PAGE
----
Monday, 9 July 2012

ECSS 2012 - In Bruges

Just spent the past 4 days at the European College of Sport Sciences meeting in beautiful Bruges (Brugge in Flemish) Belgium with the family. Bruges is a really beautiful small medieval city, with canals and cobbled streets running throughout amidst massive churches and windmills too. Organized by my fall host Romain Meeusen from VU Brussels, it was also a great opportunity to see the group there again. I presented the Everest project that we performed during my time in Helsinki.

Flanders = Cycling!
I do have to say that I enjoy the ECSS much more than ACSM. It's smaller, there's generally more environmental physiology stuff, most of my scientific friends are from Europe anyway (and the Aussies generally all come), plus did I mention that it's in Europe rather than North America? The lead photo is within Oud Sint-Jan (conference site), which started as a hospital in 1180AD until 1978. That's Notre Dame in the back, and a cafe on the right with Boonen's Belgian champs jersey 2009.

Lots of history in Bruges, and the numerous canals just make for a magnificent walking experience. We also took a boat tour along the canals in between the rainstorms.
Friday night, I stumbled across a big marching band festival at the main city hall (stadhuis). Well, the music was pretty hard to miss! There were about 6 pretty impressive bands performing for over 3.5 hours. Walking home from dinner, we actually stumbled upon one of the bands performing and marching en route to the concert, so we tagged along behind them. The highlight was the belfry carillons playing "Auld Lang Syne" while the audience hummed along.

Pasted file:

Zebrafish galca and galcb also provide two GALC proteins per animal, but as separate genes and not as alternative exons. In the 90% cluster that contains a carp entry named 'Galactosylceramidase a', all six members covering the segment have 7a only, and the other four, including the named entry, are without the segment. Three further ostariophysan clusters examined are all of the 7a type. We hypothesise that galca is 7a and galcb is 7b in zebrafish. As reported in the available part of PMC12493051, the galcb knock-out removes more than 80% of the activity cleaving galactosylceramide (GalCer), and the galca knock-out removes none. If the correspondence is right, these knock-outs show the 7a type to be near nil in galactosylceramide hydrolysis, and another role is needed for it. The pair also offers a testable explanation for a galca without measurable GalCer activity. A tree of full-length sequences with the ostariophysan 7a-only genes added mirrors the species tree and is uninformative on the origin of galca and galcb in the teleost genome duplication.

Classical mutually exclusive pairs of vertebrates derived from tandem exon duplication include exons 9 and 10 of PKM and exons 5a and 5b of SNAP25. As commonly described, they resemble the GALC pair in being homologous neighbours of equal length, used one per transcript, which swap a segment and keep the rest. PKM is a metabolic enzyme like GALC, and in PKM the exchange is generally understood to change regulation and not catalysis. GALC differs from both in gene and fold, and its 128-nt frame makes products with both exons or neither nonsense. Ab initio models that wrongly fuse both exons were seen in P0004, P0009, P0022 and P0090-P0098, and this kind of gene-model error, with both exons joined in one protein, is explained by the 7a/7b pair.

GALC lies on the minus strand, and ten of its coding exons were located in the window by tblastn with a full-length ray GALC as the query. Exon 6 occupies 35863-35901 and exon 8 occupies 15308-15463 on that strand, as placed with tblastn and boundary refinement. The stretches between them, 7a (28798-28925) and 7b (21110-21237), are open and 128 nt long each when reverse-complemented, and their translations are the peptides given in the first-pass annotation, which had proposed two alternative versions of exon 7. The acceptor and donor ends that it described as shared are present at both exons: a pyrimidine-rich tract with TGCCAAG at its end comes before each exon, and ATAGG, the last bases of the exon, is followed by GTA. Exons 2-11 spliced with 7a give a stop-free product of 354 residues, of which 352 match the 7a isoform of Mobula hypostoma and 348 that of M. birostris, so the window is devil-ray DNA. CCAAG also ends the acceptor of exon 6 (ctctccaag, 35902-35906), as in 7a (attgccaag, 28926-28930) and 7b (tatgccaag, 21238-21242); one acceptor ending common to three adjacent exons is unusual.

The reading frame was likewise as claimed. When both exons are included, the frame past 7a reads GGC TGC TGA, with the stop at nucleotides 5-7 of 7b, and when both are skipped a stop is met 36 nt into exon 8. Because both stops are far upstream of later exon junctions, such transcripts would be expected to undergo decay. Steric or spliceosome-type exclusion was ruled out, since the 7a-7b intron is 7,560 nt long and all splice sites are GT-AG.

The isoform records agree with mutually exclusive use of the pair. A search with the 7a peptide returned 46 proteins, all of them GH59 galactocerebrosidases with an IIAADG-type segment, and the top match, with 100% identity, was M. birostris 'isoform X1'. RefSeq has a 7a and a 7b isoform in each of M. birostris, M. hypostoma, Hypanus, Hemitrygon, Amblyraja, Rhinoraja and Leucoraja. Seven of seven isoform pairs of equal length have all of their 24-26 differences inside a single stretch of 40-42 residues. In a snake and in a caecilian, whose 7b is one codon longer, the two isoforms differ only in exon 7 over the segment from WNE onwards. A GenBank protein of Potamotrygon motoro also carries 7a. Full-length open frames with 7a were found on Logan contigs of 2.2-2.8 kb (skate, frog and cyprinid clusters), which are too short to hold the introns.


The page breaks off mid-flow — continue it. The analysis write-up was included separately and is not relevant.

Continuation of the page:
Any time you're with Romain (centre of left photo), you're guaranteed to eat very well. Thursday night, a few of us were treated to a great meal downstairs of the Grand Plaza hotel, amidst the ruins of walls from Viking times and where Charles the Great was supposedly murdered. In the left photo are also Jos de Koning (Amsterdam) and Carl Foster (Wisconsin), two friends and experts in pacing strategies. On the right is Hiroshi Hasegawa from Japan, who spent two years as a post-doc with Romain and who pioneered a lot of their work on neurotransmitters during exercise and heat stress.